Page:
Due to recent changes in how acute leukemia is treated, there is an urgent need for greater understanding of quality of life (QoL) at different points in the acute leukemia patient journey.
We sought to determine which factors are most associated with poor quality of life (QoL) in patients with acute leukemia and to determine key issues and unmet needs through administration of an online survey distributed worldwide via partner patient organizations.
Background to project
Acute leukemia is a malignant disease of the blood in which a particular type of a blood cell, typically at an immature stage of development, rapidly expands in the blood or bone marrow. The two most common subtypes of acute leukemia are ALL and AML.
- ALL is caused by the expansion of immature lymphoid precursors, and typically affects young children and older adults.
- In AML, it is the precursor cells of the bone marrow that rapidly multiply. This form of acute leukemia is the most common in adults. Acute leukemia is an aggressive disease; progresses extremely rapidly without treatment; and has historically been associated with poor outcomes in adults.
This acute and life-threatening disease puts a significant burden on patients and their families, who can experience extremely high stress levels, as well as negative psychological and physiological effects due to the aggressive nature of the disease.
Acute leukemias are a highly heterogeneous; within AML and ALL, there are numerous subtypes, which are defined by the identity and developmental stage of the affected cells. The prognosis and risk associated with each sub-type is often determined by the genetic mutations. Further complicating the treatment of this disease is the fact that the cells may continue to change their genetic characteristics as the disease progresses.
A number of promising new treatments are becoming available that use this diversity to target specific mutations that drive disease progression in leukemic cells.
While targeted therapies focus on what differentiates the leukemic cells, other approaches aim to modulate more fundamental processes that do not depend on specific genetic mutations, for example, molecules that target apoptosis pathways. The development of non-chemotherapy treatments is a promising advancement, particularly for elderly patient groups who may not be fit enough to undergo grueling treatment regimes, and strategies for combining different therapies, as well as novel technologies to monitor disease progression and response to medicines, have great potential for making a real difference in the treatment of this devastating disease.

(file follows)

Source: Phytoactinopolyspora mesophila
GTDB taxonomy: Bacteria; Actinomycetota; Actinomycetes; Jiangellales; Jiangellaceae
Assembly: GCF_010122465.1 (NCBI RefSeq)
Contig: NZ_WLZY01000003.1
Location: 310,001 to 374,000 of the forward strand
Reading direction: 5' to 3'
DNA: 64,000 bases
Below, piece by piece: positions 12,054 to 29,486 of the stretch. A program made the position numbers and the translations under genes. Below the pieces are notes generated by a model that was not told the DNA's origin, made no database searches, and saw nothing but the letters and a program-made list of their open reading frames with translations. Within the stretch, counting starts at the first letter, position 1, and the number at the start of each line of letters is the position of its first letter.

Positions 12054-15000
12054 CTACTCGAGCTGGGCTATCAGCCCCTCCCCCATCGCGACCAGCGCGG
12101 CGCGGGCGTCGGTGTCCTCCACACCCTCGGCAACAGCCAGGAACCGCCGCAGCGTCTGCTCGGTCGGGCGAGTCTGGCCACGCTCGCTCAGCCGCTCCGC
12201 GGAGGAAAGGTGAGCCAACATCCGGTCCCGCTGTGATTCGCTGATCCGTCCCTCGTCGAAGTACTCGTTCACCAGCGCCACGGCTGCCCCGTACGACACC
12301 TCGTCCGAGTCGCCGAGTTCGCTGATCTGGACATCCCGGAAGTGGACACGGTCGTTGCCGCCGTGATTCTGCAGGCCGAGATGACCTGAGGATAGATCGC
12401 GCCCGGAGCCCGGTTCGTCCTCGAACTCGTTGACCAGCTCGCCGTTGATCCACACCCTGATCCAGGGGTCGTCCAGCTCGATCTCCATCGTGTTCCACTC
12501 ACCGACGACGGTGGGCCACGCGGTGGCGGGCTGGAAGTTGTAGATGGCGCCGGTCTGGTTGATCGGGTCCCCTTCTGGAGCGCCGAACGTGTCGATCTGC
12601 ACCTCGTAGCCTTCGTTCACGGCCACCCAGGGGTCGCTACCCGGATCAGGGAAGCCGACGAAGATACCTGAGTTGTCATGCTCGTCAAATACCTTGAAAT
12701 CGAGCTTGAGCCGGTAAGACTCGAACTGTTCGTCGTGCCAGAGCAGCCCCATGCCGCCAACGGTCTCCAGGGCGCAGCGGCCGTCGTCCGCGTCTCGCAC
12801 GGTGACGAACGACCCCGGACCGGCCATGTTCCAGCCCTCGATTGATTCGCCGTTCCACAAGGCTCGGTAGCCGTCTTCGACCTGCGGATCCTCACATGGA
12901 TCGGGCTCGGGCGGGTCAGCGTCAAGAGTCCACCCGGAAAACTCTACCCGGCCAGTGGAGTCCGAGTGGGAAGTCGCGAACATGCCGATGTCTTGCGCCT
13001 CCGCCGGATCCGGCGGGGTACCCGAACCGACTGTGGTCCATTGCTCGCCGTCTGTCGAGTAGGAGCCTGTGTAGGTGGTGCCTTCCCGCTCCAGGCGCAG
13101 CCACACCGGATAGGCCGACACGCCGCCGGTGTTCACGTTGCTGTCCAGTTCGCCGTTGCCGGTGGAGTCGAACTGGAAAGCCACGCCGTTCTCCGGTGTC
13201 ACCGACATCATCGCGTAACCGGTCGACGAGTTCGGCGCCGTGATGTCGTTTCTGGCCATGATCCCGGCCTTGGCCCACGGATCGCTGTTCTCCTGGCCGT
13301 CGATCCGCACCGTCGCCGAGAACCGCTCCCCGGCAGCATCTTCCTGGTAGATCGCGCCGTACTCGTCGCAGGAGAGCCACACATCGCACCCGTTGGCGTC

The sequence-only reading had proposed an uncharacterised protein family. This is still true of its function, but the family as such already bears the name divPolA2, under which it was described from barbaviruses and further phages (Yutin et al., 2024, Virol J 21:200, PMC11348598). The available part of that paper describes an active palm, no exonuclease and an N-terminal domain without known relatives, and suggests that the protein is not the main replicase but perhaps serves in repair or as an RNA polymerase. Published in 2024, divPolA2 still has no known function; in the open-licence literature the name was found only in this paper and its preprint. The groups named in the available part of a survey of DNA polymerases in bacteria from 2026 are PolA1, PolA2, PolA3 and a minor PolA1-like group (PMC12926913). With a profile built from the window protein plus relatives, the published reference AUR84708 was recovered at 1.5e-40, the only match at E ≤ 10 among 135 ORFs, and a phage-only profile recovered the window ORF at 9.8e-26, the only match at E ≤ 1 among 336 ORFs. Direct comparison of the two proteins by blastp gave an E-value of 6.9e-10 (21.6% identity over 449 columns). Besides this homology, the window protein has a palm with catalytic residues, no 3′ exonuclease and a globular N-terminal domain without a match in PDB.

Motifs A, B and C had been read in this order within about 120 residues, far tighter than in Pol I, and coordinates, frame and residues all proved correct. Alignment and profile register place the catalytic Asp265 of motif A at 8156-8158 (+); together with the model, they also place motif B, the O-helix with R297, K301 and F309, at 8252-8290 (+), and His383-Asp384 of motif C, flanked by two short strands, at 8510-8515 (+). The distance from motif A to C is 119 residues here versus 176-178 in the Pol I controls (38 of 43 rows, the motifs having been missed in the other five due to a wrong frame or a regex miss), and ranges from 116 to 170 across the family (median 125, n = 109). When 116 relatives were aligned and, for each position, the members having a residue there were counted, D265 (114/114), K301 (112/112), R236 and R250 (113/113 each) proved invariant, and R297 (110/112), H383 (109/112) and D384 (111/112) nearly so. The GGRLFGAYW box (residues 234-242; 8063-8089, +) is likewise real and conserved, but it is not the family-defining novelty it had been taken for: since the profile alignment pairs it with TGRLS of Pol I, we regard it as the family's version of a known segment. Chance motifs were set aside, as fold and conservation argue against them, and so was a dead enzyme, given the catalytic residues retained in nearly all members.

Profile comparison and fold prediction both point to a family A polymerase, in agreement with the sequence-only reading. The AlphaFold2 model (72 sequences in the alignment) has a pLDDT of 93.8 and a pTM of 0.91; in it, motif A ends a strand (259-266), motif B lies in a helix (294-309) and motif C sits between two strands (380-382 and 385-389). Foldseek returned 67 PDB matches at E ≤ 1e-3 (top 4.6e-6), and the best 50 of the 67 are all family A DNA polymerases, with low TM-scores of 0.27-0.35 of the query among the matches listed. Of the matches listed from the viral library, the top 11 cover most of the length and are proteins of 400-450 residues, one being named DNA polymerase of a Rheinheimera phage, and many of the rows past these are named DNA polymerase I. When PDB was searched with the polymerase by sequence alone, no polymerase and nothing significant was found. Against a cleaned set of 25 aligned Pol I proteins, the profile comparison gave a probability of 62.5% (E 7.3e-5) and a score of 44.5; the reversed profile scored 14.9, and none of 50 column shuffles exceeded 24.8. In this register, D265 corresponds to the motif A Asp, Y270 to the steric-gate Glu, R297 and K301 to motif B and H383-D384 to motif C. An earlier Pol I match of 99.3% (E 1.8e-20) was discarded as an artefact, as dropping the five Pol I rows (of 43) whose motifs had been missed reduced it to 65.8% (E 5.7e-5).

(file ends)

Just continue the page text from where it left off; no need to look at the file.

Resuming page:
We developed a questionnaire informed by literature review and based extensively on the hematological malignancy-specific patient-reported outcomes (HM-PRO) measure to assess the impact of acute leukemia on QoL and its relationships with patients’ demographics, disease state, disease impact, and support from health care professionals.
Zack Pemberton-Whiteley is explaining how the Global Quality of Life survey in acute leukemia was designed, using the HM-PRO, a validated hematology specific patient-reported outcome tool.
Univariate and multivariable statistical analysis was used to investigate relationships between HM-PRO scores and the other factors.
“The survey results are and will be used to help understand the key issues, experiences, and unmet needs for patients throughout their journey with acute leukemia.”
Of 552 respondents from 42 countries, 332 had acute myeloid leukemia, 139 had acute lymphoblastic leukemia, and 81 had acute promyelocytic leukemia (survey data collected in 2019).
Younger age, female gender, and lower income were all significantly negatively associated with QoL.
Weak or moderate correlations were observed between overall support, management, and impact of treatment and diagnosis of acute leukemia.
Feeling isolated and having reduced ability to carry out physical or enjoyable activities were the most important individual factors, while the best predictors for QoL impact were age, gender, and income (model r2 = 0.16, complete case n = 449).
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Findings indicated key factors, particularly age, gender, and socioeconomic state, that clinicians responsible for the care of patients with acute leukemia should be aware of when designing support strategies. The importance of social functioning in relation to patient QoL also should be included in considerations.
- Pemberton-Whiteley Z, Nier S, Geissler J, Wintrich S, Verhoeven B, Christensen RO, Salek S, Oliva EN, Ionova T, Bradley J. Understanding quality of life in patients with acute leukemia, a global survey. J Patient Cent Res Rev. 2023;10:21-30 https://institutionalrepository.aah.org/jpcrr/vol10/iss1/3/
- Zack Pemberton-Whiteley, Esther Natalie Oliva, MD, Jan Geissler, Sophie Wintrich, Sam Salek, PhDRPh FFPM MCMS MRPSGB FESCP, Tatyana Ionova, PhD Professor, Anne Rosemary Tate, Jennie Bradley: Identifying Differences in the Quality of Life of Patients with Acute Leukemia: A Global Survey, Blood (2019) 134 (Supplement_1): 4785. https://doi.org/10.1182/blood-2019-128818